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Edward Topsell

An image of Papilio machaon, from Topsell's History

Edward Topsell (circa 1572 – 1625) was an English cleric and author best remembered for his bestiary.

Topsell was born and educated in Sevenoaks, Kent.[1] He attended Christ's College, Cambridge, earned his B.A. and probably an M.A., as well, before beginning a career in the Church of England.[2] He served as the first rector of East Hoathly, and subsequently became the perpetual curate of St. Botolph's in Aldersgate (1604). He was the author of books on religious and moral themes, including The Reward of Religion (1596) and Time's Lamentation (1599), among others.

Topsell's The History of Four-footed Beasts (1607) and The History of Serpents (1608), both published by William Jaggard, were reprinted together as The History of Four-Footed Beasts and Serpents in 1658. An 1100-page treatise on zoology, Topsell's work repeats ancient and fantastic legends about actual animals, as well as reports of mythical animals. Topsell, not a naturalist himself, relied on earlier authorities, most notably the Historiae animalium of the Swiss scholar Conrad Gessner. "I would not have the Reader," Topsell writes, "... imagine I have ... related all that is ever said of these Beasts, but only [what] is said by many."[3]

Topsell's work is remembered chiefly for its detailed and vigorous illustrations, including the famous image known as Dürer's Rhinoceros. The illustrations have been widely reproduced in many contexts, and Topsell's bestiary has been reprinted in various modern editions, usually in greatly reduced form.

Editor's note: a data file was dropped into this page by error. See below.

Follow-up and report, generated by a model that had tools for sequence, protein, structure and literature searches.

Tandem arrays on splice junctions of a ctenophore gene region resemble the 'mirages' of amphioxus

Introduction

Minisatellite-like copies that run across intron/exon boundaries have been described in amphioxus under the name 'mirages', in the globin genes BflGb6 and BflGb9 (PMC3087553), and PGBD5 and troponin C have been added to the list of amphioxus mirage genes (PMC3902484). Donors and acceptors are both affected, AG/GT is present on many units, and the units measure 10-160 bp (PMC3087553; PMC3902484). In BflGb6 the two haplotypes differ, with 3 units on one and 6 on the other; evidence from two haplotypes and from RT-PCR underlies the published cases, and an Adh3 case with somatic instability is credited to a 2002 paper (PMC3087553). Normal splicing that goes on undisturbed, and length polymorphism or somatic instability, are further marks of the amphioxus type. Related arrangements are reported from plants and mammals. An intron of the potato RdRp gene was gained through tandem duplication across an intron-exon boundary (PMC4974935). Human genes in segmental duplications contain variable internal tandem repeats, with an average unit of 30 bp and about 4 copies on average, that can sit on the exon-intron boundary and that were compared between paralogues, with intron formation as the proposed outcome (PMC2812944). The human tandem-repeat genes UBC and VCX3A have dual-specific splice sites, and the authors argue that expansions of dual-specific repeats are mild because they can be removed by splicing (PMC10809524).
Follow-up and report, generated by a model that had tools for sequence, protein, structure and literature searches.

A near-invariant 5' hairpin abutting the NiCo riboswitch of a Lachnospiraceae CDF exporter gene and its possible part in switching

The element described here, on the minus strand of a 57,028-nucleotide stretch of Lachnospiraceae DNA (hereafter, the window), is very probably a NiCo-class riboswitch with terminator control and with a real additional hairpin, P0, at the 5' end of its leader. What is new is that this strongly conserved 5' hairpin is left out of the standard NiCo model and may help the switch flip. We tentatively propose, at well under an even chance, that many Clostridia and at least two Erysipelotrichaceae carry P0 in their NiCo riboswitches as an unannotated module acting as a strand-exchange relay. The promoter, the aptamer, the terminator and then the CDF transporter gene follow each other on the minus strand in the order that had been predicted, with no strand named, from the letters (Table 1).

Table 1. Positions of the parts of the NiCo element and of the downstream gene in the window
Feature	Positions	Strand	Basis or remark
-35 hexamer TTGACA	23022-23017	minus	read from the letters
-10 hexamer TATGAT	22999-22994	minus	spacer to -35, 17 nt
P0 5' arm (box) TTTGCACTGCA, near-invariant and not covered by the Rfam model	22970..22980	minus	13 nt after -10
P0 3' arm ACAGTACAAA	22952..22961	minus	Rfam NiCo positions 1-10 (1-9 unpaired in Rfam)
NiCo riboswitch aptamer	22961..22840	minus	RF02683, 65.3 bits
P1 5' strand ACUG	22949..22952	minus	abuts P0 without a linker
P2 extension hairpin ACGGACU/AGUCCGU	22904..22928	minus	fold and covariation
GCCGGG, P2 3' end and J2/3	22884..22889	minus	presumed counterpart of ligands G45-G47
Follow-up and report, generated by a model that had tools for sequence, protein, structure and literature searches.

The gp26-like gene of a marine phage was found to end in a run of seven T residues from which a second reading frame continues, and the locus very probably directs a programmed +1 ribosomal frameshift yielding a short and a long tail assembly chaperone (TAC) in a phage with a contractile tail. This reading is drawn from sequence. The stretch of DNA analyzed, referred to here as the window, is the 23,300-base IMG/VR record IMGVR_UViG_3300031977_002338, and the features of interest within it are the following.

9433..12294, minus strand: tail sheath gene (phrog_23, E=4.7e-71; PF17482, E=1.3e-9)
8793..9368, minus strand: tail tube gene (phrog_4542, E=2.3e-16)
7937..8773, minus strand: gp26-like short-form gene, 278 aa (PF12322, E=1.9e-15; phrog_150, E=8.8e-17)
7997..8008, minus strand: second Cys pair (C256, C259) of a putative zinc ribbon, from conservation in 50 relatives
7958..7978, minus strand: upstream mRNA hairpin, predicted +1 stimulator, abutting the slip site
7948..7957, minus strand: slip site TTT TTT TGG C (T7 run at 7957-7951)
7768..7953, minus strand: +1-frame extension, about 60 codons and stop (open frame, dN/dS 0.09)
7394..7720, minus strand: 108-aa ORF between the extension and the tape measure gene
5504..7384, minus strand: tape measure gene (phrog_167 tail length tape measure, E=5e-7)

Contents

  • Superstitions about actual animals 1
  • Fantastic animals 2
  • Other quotations 3
  • Gallery from The History of the Four-footed Beasts and Serpents, 1658 4
  • References 5
  • External links 6

Superstitions about actual animals

Topsell, repeating ancient legends, assigns exotic attributes to actual animals. He writes, for example, that:

Of the procreation of mice, Topsell writes, it "is not only by copulation, but also nature worketh wonderfully in ingenduring them by earth."[4]

Fantastic animals

Relying on the authority of "sundry learned men", Topsell includes the Sphinx, the Manticore, the Lamia, the Winged Dragon and the Unicorn. He does, however, express skepticism regarding the Hydra.

Other quotations

"It is as necessary, or rather more necessary, for most men to know how to take mice, than how to take elephants."[5]

Gallery from The History of the Four-footed Beasts and Serpents, 1658

References

  1. ^ The householder, or, perfect man: preached in three sermons (1610).
  2. ^ "Topsell, Edward (TPSL587E)". A Cambridge Alumni Database. University of Cambridge. 
  3. ^ "No. 1586: Topsell's Beasts". Uh.edu. 2004-08-01. Retrieved 2012-03-12. 
  4. ^ "No. 1586: Topsell's Beasts". Uh.edu. 2004-08-01. Retrieved 2012-03-12. 
  5. ^ (Auden & Kronenberger 1966)

Auden, W.H.; Kronenberger, Louis (1966), The Viking Book of Aphorisms, New York: Viking Press

External links

  • Topsell's The History of Four-footed Beasts and Serpents Web site
  • Topsell’s Beasts
  • USL Rare Books: TOPSELL, Edward. The History of four-footed beasts and serpents
  • Page at University of Reading
  • 175 images from Topsell's book, The History of Four-Footed Beasts and Serpents, can be viewed at the University of Houston Digital Library
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